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Interview with Award-Winning Filmmaker Ham Tran

"Am Muu Giay Got Nhon" ("How to Fight in Six Inch Heels") is an upcoming, fashion-focused romantic comedy directed by Viet Kieu filmmaker, Ham Tran, his first in Vietnam. Saigoneer sat down with Ham do get the lowdown on his new film.

The film, headlined by top Vietnamese talent including Kathy Uyen (who also produced the film), Truc Diem, Yaya Truong, Phuong Mai, Petey "Majik", and Don Nguyen, tells the story of Anne, a neurotic fashion designer from New York, who discovers her fiancée working overseas in Vietnam may be having an affair with a supermodel. With jealousy burning and their wedding date on the horizon, she conjures up a scheme to infiltrate the high fashion world of Saigon in order to catch him in the act. But her plan backfires when she befriends the supermodel and discovers that there is much more to life than living it through a series of checklists.

The film is slated for release on October 17.

Ham Tran immigrated to America in 1982. He received his MFA in Directing from the UCLA School of Film and Television where his thesis film, The Anniversary, won the prestigious USA Film Festival award for Best Short Film which qualified the film for the 2004 Academy Awards for Best Live Action Short. In 2008, Tran Executive Produced Spirit Award Nominated film "Owl and Sparrow," and Associate Produced the award winning documentary "Oh Saigon!" directed by Doan Hoang.

Tran founded Wave Releasing in 2009 where he has since helped secure US distribution for popular Vietnamese films. As an editor, he has edited most of the highest box-office grossing Vietnamese films such as, "Dong Mau Anh Hung (the Rebel)," De Mai Tinh (Fool For Love)," and Long Ruoi (The Big Boss). "


Do you find that there are significant differences between Vietnamese and American actors when directing?

I think when working with younger actors, there is not much of a difference in the way that we work together. For older actors, since they mainly come from theater, the tendency is to have bigger performances. In those cases, I just have pull back the projection and exaggerated expressions.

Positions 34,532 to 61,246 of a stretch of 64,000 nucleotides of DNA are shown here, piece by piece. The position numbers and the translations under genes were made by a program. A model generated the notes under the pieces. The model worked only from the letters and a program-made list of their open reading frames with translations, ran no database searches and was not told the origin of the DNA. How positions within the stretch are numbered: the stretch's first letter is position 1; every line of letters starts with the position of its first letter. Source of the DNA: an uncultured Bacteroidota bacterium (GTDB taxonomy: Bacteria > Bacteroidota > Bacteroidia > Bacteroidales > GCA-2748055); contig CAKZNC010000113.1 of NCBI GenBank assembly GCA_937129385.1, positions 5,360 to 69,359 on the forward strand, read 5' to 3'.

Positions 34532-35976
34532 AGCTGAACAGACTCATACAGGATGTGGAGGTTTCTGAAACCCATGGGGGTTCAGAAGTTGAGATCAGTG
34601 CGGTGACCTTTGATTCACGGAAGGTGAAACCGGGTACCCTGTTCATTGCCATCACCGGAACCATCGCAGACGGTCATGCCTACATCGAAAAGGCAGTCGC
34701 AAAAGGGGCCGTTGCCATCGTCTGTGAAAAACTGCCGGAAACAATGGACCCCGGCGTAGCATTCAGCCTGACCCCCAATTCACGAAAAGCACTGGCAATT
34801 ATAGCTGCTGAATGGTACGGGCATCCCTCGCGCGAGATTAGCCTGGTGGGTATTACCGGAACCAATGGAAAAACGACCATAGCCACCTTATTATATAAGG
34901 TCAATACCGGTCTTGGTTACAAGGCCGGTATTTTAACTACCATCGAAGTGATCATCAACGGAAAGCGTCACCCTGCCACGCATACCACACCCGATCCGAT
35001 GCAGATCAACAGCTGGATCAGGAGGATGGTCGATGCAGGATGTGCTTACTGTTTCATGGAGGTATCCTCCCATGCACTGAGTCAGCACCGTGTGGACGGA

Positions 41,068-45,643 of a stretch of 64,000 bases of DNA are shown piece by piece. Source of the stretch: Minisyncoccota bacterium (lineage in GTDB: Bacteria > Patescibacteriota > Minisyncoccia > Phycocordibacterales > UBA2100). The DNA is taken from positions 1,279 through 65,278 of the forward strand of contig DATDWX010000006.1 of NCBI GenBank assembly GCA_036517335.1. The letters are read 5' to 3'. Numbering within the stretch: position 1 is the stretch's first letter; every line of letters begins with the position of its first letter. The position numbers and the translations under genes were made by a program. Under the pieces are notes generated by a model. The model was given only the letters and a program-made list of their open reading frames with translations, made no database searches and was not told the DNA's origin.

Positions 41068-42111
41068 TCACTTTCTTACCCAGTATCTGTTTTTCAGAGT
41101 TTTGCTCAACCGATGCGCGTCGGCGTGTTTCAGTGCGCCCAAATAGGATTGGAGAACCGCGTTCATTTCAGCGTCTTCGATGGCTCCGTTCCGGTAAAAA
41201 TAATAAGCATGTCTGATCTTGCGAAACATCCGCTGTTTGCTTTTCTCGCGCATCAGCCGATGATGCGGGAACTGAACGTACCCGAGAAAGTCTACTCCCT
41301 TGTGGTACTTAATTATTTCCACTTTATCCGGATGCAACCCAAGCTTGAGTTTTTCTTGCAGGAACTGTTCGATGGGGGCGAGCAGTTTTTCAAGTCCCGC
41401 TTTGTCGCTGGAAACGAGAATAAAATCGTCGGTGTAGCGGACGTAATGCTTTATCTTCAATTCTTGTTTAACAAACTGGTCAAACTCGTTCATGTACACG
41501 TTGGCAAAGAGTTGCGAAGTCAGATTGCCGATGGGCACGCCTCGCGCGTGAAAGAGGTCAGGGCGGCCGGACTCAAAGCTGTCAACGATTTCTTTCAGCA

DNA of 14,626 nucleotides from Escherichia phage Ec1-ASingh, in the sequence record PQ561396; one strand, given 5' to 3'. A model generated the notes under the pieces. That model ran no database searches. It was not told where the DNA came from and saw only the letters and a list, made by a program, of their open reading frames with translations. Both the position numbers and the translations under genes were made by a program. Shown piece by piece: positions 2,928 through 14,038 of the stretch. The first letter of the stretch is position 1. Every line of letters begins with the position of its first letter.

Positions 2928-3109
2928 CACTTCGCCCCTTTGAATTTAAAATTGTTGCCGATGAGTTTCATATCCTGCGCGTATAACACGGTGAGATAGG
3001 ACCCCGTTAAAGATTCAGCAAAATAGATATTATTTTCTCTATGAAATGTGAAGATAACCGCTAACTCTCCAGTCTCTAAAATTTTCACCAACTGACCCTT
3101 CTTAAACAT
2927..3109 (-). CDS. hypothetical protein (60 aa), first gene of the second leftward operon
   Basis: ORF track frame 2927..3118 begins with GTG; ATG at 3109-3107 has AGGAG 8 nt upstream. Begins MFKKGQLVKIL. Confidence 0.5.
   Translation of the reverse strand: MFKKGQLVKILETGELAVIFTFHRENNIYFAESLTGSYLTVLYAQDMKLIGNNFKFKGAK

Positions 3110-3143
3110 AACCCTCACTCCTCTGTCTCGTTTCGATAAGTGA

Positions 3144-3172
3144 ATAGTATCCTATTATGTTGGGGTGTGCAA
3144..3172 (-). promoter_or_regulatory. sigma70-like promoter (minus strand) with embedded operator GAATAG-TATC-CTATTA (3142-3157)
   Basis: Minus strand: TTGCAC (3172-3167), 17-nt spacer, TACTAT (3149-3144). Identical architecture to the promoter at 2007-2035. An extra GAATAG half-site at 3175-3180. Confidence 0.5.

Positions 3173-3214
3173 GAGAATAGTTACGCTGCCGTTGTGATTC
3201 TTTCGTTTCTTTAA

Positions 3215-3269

The pleasant surprise was how much the model/actors brought to the film. I was expecting to have to work a bit harder on performances, but each of the actors has a natural quality that made them the perfect cast for the role. They also each had great chemistry with Kathy, which was absolutely essential. I'm really blown away by Kathy's ability to switch between both English and Vietnamese so fluently and still giving a great performance.

Your directing style seems to be more refined than typical Vietnamese ‘pop’ films. Do you see this developing into a trend for Vietnamese cinema?

Yes, I've been following Vietnamese cinema over the last few years, and having edited a lot of local films also helps, but I find that the audience is very hip. They get subtlety, and prefer subtitles over dubbings, and more importantly are more keen to character development, story structure, and narrative flow. They won't be fooled by flashy marketing and cool posters. At the end of the day, a good story is what brings them into the cinemas and drives them to tell their friends to go see.

How did the collaboration with international actress Kathy Uyen (she starred in an episode of "How I met your mother" etc) come about?

I've actually known Kathy ever since she was at UCI. She actually interviewed me about my first feature film, "Journey From the Fall" when she was working at an Orange County based Vietnamese language TV show. Then, about a year or 2 after that, I contributed a little bit as an editor on "Spirits", one of Kathy's first feature films. We've always been good friends, and stayed in touch. Our paths crossed again when she starred in her first feature in Vietnam in a film called "Fool For Love", which I was hired on to edit. This film became a huge success in Vietnam, and really established Kathy as a star whom fans really love.

My participation on Six Inch Heels (Am Muu...) came about because Tim was producing an American feature film, and he said that he might have a Vietnam project for me. After I had read the script, I worked really hard to get the chance to direct. I'm really glad that Tim and Kathy trusted me to realize their amazing script. I think Kathy is incredibly talented and a really wonderful actress to work with. The icing on the cake is that we are friends and karaoke buddies as well!